By Dave Ferguson of BEYONDtheCheers, Special for USDR
In the world of sports, society has become accustomed to seeing an exchange of fists, bullying behaviour and screaming amongst fans and spectators–that includes verbal abuses. We seem to have become more tolerant of this violence, which should actually be deemed unacceptable.
The problem with this inappropriate behaviour, is that it is not only evident in the stands and on the playing field, but we also see the negative actions of parents spilling over to parking lots and eating establishments that surround the games, and accommodate both spectators and players, alike.
A myriad of parents are involved with their childs’ team and with increased numbers, there’s trouble on the sidelines. Why is this seemingly becoming acceptable in our sports culture? Alternatively, and collaboratively, it appears that we need to put some energy into stopping it;
- There has been an increase in altercations between fans reported during games.
- Post-game incidents have taken place the parking lot.
- Officials are sometimes being targeted and some have experienced physical injury.
- Yelling obscenities at players, officials, coaches and opposing team parents has become more commonplace.
- The coach is under scrutiny from parents for how they handle the team.
- Parents push favoritism towards their own child, whom they consider the star of the team.
- The coach gets criticized for the team losses.
- Conversations before, during and after the game have become analytical criticisms amongst parents.
It is usually during the playoffs, or games with a stake in the standings, when out of control parents seem to be at their worst. It’s not uncommon to see fights break between parents of opposing teams and sadly, scuffles even manifest between parents on the same team.
There is a growing obsession, amongst parents of players, for their children to excel in sports. Many parents are chasing a scholarship dream for their child or hoping for a place in the pro leagues, even if their son or daughter is only six years of age. This dream can sometimes inspire a “win at all cost” attitude, that can negatively affect the entire team.
There is probably no way to completely eliminate the emotional pressure a parent feels when they are attending their child’s athletic event and the pressure is most likely to increase as the child moves towards a more elite level of competition. But the excuse for poor behaviour is weak and the problem lies, not only with parent, but with the way our sports leagues are run.
Some leagues are recognizing the problems brought about by badly behaved parents and have begun to tackle them head on. Codes of Conduct are being integrated in to league rules and training for parents is becoming mandatory in several leagues across North America. Failure to comply could prevent the parent from attending games and may also prevent their child from playing on a team.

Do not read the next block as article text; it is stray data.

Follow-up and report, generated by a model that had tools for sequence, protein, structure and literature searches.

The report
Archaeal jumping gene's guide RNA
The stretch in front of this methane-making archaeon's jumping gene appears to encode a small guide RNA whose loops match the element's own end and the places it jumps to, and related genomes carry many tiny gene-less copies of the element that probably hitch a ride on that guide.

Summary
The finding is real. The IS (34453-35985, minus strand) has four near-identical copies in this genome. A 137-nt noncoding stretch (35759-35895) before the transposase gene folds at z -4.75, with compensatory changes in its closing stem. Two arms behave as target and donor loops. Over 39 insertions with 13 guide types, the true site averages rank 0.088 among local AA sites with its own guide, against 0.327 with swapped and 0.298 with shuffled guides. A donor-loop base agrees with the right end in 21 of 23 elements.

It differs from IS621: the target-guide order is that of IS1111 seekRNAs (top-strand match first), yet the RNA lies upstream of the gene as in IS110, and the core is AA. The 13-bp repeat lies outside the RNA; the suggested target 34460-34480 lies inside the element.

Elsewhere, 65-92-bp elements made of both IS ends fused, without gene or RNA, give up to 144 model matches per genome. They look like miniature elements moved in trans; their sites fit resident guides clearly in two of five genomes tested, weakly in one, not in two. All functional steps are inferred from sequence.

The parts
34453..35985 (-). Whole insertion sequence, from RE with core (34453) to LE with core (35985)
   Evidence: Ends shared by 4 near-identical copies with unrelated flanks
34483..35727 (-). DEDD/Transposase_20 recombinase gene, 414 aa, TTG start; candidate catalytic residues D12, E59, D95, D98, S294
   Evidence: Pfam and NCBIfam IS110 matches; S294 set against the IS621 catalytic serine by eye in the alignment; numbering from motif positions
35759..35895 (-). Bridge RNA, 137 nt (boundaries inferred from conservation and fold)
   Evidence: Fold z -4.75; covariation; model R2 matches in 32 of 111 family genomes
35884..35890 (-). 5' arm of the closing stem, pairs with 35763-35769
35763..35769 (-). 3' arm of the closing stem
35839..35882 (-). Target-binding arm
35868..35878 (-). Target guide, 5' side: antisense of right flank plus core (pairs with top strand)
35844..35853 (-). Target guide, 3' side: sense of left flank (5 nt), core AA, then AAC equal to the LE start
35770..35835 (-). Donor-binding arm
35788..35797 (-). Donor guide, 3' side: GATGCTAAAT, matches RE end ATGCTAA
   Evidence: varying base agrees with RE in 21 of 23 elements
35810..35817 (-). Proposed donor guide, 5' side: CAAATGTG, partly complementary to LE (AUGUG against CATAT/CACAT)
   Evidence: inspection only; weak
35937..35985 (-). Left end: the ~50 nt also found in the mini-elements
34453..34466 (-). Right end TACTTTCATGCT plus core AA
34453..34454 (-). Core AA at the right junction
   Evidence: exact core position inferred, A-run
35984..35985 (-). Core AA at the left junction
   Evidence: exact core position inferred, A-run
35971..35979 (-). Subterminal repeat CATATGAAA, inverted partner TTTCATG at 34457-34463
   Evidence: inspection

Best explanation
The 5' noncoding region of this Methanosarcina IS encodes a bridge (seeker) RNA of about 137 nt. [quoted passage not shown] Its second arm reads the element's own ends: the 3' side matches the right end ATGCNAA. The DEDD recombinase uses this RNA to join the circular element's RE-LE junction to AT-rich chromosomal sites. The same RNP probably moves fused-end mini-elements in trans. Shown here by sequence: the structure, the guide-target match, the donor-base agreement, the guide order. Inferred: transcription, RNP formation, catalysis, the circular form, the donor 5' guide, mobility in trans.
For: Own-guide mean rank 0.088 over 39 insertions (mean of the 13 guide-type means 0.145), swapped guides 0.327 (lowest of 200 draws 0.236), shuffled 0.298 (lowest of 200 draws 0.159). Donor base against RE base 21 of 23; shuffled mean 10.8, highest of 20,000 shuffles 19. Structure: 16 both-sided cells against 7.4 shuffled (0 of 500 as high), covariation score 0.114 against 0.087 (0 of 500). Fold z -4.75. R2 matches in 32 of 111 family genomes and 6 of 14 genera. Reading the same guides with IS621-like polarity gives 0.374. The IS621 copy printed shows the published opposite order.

Many parents balk at the idea of having to follow a league Code of Conduct, as the approach is not thought to address the real root of the problem. The team concept, that has been alive for many years, must remain the focus, as far as many are concerned.
Leagues recognize that coaches can also play an important role in curbing bad behavior. At the beginning of each season, select parents (ones that the coach recognizes as outgoing or aggressive) can be provided an opportunity to get more involved with the team, working closely alongside officials and players. It is thought, for example, that a parent who covers the task of tracking game stats, can be easily diverted from overzealous behaviour in the stands by taking on such a role. They will get a better overall view of the team effort, the role of each individual player and learn about the opposition, as well.
The fun has been taken out of the game for many kids, whose parents are more concerned with how their child performs, as an individual, rather than how the team functions and plays. This approach seldom satisfies the team effort and can put all involved at heightened risk for defeat and loss.
There will always be those spectators who act inappropriately. However, if parents can shift the focus from their own adult-centered view, instead, towards a child-centered view; we will see the bulk of the bad behavior from parents, eliminated altogether.
A child-centered approach is the focus of the new Codes of Conduct, with parents assuming team roles as “ambassadors”. The idea is indeed worth exploring, as it involves more people on the team, with a better chance of growing community and building positive relationships.
All parents are encouraged to get involved;
- Some parents take care of team stats.
- There’s always a need for help with scheduling games and practices.
- Tournaments require plenty of volunteers and collaboration.
- Fundraising is necessary for both the team and league.
- More helping hands raise more funds and more quickly.
- Car-pooling is a great way to share responsibilities and build support networks with other parents.
- Volunteer coaches, trainers and officials are terrific roles for those parents who can demonstrate leadership skills.
Youth sporting leagues are run primarily by volunteers, so the need continues for parents to get involved. More so, than screaming from the sidelines, kids need to see their parents as role models, and as part of their team.
The focus for our kids involved in youth sports, is not only towards learning useful lifelong lessons on the playing field, but also towards learning how to play — and how to just have fun.